Texas A&M offensive tackle Cedric Ogbuehi was a close second with 28 percent of the vote. It's getting to the point that we can't have a draft without a Texas A&M offensive tackle going in the first round. Ogbuehi is moving over from right tackle to left tackle to replace Jake Matthews, who was the sixth overall pick this year. Matthews made the same move a year ago to take over for Luke Joeckel, who was the No. 2 overall pick in the 2013 draft.

Alabama receiver Amari Cooper finished third in the poll with 17 percent of the vote followed by Florida defensive end Dante Fowler Jr. with 15 percent and Alabama safety Landon Collins with 8 percent.

Cooper, if he stays healthy, could easily shoot up into top-10 status, especially if he flashes the same kind of production he did as a true freshman. He will be working with a new quarterback, though, as Florida State transfer Jacob Coker is expected to win the job.

The big question with Gurley also is injuries. He was banged up for much of last season. But his size and breakaway speed make him the kind of back NFL teams are looking for.

It's worth noting, though, that LSU's Jeremy Hill has that same kind of size and also showed the ability to break long runs in college and didn't go until the 23rd pick of the second round this year. So we'll just have to see.

Much like Cooper, Gurley was a force as a true freshman. For both players, this is their "money" season.
In honor of the greatest movie monster to ever live making his much-anticipated return to the silver screen, we only thought it would be appropriate to take a look at the monsters the SEC has to offer.

Can any of them live up to the legendary status Godzilla holds? Only time will tell, but you still wouldn’t want to get caught in their path. Nothing good can come of those who oppose these monsters from the SEC East and West:

EAST MONSTERS

1. Leonard Floyd, LB, Georgia -- During his first year on campus, Floyd led the Bulldogs with 6.5 sacks and was second with 22 quarterback hurries. Jordan Jenkins gets a lot of attention on this defense, but Floyd might have the most NFL talent out there. He's ferocious off the edge and should wreak plenty of havoc this season with even more teaching. Double-team him if you want to have a chance.

[+] EnlargeDante Fowler Jr.
Kim Klement/USA TODAY SportsFlorida junior defensive end Dante Fowler Jr. isn't a player that you want to mess with too often.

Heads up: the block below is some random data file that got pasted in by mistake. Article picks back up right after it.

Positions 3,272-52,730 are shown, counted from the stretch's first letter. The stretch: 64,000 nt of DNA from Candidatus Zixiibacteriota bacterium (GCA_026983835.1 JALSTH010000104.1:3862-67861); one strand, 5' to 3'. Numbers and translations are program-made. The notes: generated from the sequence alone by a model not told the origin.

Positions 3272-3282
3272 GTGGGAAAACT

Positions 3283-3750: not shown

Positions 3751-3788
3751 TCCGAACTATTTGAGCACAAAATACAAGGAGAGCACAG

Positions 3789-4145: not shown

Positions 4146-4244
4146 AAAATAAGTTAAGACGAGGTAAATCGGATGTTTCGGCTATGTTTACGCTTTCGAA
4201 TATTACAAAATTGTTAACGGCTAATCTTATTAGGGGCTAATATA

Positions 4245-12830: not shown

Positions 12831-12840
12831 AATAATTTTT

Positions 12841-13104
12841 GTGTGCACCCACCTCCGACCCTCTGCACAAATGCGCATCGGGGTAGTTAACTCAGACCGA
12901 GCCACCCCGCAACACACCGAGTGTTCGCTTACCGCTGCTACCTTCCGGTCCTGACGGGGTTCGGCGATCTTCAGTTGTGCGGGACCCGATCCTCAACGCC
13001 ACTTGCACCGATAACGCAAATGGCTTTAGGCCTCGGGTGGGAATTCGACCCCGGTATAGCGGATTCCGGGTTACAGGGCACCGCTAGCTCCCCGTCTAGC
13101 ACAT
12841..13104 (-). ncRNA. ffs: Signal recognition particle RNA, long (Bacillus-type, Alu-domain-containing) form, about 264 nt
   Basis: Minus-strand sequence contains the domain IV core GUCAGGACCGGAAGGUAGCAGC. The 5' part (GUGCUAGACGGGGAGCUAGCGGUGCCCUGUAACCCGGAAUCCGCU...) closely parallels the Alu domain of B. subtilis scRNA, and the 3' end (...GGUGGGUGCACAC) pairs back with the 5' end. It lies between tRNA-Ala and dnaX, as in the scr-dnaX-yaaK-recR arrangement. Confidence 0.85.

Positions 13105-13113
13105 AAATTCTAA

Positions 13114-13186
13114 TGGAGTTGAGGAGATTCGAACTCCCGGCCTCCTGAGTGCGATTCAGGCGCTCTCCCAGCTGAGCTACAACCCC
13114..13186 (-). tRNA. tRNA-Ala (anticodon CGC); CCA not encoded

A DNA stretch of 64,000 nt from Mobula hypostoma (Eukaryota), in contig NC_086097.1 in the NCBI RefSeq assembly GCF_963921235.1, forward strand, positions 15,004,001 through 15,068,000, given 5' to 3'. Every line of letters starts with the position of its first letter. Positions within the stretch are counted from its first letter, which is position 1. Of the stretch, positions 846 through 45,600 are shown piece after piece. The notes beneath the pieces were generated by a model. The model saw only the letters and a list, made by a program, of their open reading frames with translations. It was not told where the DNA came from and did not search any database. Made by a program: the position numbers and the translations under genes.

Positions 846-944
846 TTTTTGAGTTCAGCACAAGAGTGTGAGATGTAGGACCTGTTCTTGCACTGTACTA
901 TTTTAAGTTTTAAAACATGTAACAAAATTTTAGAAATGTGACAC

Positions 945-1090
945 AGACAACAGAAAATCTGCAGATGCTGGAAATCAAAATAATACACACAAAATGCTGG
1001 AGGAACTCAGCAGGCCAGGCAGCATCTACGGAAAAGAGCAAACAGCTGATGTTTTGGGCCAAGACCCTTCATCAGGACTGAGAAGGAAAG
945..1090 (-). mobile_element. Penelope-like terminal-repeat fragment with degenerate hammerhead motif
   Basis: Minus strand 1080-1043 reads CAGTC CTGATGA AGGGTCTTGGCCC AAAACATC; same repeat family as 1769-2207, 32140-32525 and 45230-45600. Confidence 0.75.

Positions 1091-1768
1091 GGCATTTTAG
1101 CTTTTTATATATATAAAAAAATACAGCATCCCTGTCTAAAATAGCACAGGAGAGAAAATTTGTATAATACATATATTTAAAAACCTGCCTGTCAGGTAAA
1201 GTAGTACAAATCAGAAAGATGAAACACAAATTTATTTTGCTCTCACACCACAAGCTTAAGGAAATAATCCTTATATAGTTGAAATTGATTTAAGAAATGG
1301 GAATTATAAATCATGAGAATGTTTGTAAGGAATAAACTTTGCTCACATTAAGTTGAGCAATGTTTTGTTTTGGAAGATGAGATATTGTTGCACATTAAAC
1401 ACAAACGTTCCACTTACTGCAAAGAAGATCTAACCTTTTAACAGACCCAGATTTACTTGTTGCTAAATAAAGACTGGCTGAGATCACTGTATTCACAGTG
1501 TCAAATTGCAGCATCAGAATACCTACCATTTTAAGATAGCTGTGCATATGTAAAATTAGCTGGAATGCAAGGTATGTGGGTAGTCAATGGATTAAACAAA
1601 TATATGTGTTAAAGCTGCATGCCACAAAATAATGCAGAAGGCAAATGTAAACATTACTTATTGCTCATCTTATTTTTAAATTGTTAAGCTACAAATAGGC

2. Dante Fowler Jr., DE/LB, Florida -- At 6-foot-3 and 266 pounds, you don't want to cross his path if you're in his backfield hunting grounds. Fowler is Florida's best edge rusher and can play standing up or with his hand on the ground. He has incredibly fast, violent arms to go with a truckload of speed. Fowler has six career sacks and 18.5 tackles for loss and is already viewed as a top-10 pick in next year's NFL draft.

3. Markus Golden, DE, Missouri -- Well, with that head of hair, he already has the Predator look down. And he's just as lethal on the field. With fellow ends Michael Sam and Kony Ealy both gone, Golden will have a lot more time on the field, giving him more room to roam and track down his next victims. He's got a scary burst and a load of strength that should help him pass the 6.5 sacks and 13 tackles for loss he had last season.

4. Todd Gurley, RB, Georgia -- He can bowl you over or blow past you with his speed. He has a scary combination of speed, strength and elusiveness that make him an absolute terror to bring down. Nagging injuries have plagued him during his two years on campus, but he still has 2,374 career rushing yards and has averaged 6.1 yards per carry on 387 career carries. Gurley is arguably the nation's best and scariest running back when healthy.

5. Corey Robinson, OT, South Carolina -- He already has a menacing frame at 6-8, 348 pounds, which is just frightening in itself. But his job is to push guys such as Fowler around all season, and he seems to really get a kick out of it, too. Robinson can smother oncoming defenders with his size and strength. Trying to hit his quarterback comes with a price.